The Court of Errors recognized that the tax of the statute 'may not represent what the decedent would have been required to pay, had' she 'paid the state or local tax.' And, as we have seen, the tax may be upon the appraised inventory value for the five years next preceding the death of the decedent, with a proportionate deduction if a tax has been paid on any of the property for a portion of the five years, or that the ownership of the property has not been in the decedent for a portion of the period. The provision, however, is but a way of fixing a penalty for the delinquency, which it is competent for the state to do. We said in Western Union Telegraph Co. v. Indiana, 165 U.S. 304, 310 , 17 S. Sup. Ct. 345 41 L. Ed. 725, that the amount of a penalty is a matter for the Legislature of a state to determine [260 U.S. 647, 652] in its discretion, and in accordance with the principle we sustained a penalty of 50 per cent. of the taxes assessed against the telegraph company and unpaid by it.
Section 1190 was passed in 1915 and went into effect August 1st of that year. Decedent died in May, 1919, plaintiffs in error contend, therefore, that in one of the years (1914) of the five of omission to pay taxes 'the only penalty provided by law therefor was the addition of 10 per cent. to the assessed valuation of the omitted property.' Therefore, it is the further contention, the attempt of the section is 'to reach into the past and provide 'greater punishment than the law did when the crime was committed," and hence incurs constitutional prohibition as an ex post facto law.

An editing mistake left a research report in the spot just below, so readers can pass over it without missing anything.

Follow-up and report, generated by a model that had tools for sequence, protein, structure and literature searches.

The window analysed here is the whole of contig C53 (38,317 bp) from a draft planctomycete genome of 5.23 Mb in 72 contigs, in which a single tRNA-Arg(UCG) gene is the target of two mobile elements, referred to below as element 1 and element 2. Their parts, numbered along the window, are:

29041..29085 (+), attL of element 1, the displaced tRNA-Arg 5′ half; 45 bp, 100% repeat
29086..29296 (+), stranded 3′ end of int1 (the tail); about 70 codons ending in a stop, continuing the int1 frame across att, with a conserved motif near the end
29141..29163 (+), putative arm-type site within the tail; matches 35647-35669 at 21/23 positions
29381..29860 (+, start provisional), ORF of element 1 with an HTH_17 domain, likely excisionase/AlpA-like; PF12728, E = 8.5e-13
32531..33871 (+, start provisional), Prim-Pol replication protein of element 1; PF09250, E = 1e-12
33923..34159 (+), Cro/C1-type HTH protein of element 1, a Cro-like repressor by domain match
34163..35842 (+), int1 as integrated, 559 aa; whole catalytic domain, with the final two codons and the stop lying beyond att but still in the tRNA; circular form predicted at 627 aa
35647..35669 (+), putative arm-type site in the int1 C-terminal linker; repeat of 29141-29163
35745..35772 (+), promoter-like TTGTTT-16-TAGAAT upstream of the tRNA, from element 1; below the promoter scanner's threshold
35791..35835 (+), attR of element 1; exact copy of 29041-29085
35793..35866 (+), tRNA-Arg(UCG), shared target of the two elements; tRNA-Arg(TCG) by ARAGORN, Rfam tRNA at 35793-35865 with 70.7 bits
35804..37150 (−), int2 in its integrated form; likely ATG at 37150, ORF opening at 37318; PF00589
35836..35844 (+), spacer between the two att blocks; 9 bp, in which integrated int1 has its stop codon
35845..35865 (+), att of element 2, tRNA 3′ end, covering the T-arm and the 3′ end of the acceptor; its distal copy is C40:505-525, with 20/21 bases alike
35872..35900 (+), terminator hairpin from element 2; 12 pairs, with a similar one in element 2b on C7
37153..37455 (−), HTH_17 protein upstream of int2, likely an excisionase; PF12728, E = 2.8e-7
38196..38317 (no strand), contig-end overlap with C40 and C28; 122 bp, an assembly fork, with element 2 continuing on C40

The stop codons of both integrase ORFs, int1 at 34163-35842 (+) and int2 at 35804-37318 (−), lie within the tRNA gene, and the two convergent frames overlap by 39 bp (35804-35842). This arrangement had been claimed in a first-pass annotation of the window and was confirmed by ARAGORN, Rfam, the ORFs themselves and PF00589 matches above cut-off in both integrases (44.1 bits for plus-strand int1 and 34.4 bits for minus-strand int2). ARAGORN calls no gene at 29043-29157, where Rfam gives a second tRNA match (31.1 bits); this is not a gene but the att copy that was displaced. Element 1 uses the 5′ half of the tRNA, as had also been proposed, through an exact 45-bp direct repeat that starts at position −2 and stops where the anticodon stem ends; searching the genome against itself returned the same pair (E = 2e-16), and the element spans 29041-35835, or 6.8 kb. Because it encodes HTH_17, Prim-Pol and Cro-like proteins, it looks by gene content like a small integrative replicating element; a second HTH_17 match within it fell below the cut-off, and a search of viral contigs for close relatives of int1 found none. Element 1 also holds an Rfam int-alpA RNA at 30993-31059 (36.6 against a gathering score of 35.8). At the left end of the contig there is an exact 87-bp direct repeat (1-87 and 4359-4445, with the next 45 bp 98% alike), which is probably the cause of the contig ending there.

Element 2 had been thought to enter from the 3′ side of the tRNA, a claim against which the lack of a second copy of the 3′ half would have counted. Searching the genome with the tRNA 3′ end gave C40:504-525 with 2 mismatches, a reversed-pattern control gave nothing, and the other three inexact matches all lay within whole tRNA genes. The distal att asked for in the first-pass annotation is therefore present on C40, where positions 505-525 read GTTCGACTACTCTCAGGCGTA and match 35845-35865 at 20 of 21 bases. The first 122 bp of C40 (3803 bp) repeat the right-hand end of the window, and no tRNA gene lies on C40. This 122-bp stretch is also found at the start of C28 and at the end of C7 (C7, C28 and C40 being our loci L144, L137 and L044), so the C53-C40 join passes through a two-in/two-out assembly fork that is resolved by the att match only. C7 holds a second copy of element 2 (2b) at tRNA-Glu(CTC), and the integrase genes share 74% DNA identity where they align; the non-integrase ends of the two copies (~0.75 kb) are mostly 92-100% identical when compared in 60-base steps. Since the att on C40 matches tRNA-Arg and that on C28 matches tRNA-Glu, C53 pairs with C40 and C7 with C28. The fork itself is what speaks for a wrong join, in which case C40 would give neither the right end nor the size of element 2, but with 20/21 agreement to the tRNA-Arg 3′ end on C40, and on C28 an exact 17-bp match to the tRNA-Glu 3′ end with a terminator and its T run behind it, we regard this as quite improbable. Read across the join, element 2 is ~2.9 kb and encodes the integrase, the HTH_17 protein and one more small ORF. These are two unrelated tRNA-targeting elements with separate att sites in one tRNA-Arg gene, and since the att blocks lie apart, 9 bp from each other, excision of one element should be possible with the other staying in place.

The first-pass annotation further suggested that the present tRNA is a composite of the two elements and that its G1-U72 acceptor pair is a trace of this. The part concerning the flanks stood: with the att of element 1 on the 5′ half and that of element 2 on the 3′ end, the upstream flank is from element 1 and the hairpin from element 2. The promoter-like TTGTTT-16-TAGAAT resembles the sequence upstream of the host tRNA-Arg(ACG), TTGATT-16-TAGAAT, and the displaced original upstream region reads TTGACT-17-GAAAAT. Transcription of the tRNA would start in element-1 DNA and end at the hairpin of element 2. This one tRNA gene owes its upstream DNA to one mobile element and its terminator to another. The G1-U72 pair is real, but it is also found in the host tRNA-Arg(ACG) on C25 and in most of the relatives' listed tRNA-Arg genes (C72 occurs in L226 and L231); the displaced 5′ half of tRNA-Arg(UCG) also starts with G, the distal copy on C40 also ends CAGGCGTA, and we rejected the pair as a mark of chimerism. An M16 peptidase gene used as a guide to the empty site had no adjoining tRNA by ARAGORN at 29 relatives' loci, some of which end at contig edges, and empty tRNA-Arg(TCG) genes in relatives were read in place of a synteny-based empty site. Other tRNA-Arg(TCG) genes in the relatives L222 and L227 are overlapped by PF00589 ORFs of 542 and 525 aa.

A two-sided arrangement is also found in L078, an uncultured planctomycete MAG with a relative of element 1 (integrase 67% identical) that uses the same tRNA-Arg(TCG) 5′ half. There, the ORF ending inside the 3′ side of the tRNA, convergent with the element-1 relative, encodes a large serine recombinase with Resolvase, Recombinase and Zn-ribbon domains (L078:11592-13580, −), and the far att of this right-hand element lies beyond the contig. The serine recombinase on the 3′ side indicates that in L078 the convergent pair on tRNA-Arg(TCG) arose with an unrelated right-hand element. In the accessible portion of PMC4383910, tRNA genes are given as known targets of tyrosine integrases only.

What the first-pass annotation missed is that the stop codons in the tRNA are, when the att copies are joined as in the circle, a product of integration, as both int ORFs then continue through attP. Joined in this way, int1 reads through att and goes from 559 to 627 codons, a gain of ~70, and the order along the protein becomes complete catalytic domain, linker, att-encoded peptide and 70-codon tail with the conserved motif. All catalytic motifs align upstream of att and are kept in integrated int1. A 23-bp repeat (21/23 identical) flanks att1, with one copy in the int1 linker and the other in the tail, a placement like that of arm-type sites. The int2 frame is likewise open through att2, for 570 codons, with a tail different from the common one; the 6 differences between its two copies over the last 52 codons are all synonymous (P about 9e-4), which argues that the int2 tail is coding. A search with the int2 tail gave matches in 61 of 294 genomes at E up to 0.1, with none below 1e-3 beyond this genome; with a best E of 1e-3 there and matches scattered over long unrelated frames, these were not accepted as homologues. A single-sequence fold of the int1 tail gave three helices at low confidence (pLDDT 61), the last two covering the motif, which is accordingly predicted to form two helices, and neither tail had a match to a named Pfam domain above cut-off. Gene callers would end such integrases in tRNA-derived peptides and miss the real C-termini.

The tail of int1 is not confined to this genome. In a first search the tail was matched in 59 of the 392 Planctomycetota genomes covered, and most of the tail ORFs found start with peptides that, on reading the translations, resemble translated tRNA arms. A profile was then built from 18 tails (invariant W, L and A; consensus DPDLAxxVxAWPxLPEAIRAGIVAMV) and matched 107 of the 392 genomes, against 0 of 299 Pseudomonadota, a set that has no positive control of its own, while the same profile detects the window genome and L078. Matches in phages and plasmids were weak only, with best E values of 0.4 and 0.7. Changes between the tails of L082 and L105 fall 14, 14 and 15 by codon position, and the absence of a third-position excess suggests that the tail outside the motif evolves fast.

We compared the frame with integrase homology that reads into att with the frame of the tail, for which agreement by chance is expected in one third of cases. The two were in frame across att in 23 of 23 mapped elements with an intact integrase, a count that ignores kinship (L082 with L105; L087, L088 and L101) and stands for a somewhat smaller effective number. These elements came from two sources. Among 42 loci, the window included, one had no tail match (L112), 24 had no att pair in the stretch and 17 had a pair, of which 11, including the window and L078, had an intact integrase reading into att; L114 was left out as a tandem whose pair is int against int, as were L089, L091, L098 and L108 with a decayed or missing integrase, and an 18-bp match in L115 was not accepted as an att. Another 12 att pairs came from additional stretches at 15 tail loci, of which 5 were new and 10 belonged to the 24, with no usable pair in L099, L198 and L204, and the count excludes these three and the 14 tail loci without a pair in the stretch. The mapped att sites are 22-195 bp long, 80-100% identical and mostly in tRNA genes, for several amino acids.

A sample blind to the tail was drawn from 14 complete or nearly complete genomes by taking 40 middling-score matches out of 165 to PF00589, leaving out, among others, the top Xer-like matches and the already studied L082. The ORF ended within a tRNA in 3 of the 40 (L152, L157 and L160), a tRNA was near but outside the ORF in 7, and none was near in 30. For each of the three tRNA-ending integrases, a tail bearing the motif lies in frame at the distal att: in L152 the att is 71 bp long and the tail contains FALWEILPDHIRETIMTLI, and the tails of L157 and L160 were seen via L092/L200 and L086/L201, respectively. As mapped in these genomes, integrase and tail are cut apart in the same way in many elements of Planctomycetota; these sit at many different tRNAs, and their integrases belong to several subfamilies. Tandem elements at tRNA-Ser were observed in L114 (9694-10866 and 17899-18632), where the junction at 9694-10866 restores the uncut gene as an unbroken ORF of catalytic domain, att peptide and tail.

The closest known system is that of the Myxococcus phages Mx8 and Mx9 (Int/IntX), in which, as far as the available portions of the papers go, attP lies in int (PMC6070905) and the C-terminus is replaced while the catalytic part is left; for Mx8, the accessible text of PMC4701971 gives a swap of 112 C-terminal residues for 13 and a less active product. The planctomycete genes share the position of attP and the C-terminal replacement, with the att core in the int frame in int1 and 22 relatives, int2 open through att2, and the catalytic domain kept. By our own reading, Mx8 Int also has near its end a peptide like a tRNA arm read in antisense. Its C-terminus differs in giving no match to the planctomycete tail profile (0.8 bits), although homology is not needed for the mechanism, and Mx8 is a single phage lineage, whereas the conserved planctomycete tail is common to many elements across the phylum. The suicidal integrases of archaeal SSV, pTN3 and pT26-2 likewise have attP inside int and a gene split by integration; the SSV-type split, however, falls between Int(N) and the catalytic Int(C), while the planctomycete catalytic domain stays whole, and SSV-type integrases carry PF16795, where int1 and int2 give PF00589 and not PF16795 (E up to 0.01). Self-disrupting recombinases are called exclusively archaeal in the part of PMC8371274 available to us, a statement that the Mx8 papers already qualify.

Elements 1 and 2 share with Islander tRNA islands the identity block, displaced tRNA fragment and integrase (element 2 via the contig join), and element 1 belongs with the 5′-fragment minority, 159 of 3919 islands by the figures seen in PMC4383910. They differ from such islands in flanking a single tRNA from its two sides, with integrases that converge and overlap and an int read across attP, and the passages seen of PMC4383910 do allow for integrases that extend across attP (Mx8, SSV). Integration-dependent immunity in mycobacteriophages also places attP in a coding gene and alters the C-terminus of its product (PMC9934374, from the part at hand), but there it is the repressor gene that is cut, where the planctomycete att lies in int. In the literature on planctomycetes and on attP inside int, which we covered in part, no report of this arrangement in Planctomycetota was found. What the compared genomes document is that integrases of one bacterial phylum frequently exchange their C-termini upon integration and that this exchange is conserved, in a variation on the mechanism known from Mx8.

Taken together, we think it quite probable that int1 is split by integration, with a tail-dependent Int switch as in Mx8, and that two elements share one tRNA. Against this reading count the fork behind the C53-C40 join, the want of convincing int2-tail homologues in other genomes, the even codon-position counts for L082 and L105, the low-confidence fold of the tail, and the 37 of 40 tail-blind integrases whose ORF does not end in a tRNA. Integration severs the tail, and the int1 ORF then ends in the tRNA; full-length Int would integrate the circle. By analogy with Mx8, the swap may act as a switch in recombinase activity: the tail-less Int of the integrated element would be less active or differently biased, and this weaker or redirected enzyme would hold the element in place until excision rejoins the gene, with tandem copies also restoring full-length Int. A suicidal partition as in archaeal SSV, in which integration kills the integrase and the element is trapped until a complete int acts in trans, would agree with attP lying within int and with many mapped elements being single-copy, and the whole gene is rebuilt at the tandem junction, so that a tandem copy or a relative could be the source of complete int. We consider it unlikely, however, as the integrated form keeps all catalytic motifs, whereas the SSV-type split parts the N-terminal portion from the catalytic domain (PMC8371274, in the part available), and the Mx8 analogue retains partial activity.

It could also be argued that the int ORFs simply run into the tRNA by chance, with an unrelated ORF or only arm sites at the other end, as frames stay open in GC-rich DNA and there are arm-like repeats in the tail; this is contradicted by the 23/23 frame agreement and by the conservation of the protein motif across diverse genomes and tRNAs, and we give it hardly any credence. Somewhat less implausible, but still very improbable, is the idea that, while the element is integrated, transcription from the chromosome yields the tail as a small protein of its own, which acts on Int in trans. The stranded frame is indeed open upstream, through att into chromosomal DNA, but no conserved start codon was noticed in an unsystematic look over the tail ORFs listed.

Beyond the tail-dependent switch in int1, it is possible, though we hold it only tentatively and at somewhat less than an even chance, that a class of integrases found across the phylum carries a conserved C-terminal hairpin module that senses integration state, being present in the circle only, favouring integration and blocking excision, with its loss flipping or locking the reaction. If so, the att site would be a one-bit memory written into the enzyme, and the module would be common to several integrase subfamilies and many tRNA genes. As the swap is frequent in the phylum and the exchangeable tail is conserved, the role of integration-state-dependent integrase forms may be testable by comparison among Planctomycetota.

The contention is untenable. The penalty of the statute was not in punishment of a crime, and it is only to such that the constitutional prohibition applies. It has no relation to retrospective legislation of any other description. Johannessen v. United States, 225 U.S. 227, 242 , 32 S. Sup. Ct. 613.
The final contention of plaintiffs in error is that the statute can only be sustained on the assumption that 'in the last analysis the property of deceased persons belongs to the state.'
The contention is extreme. The power of taxation, with its accessorial sanctions, is a power of government, and all property is subject to it; and it is a proper exercise of it to satisfy out of his estate the delinquency of a property owner. It is so complete that it does not need the assumption of universal ownership by the state to justify it.
[ Footnote 1 ] Public Acts of Conn. 1919, chapter 50, page 2713.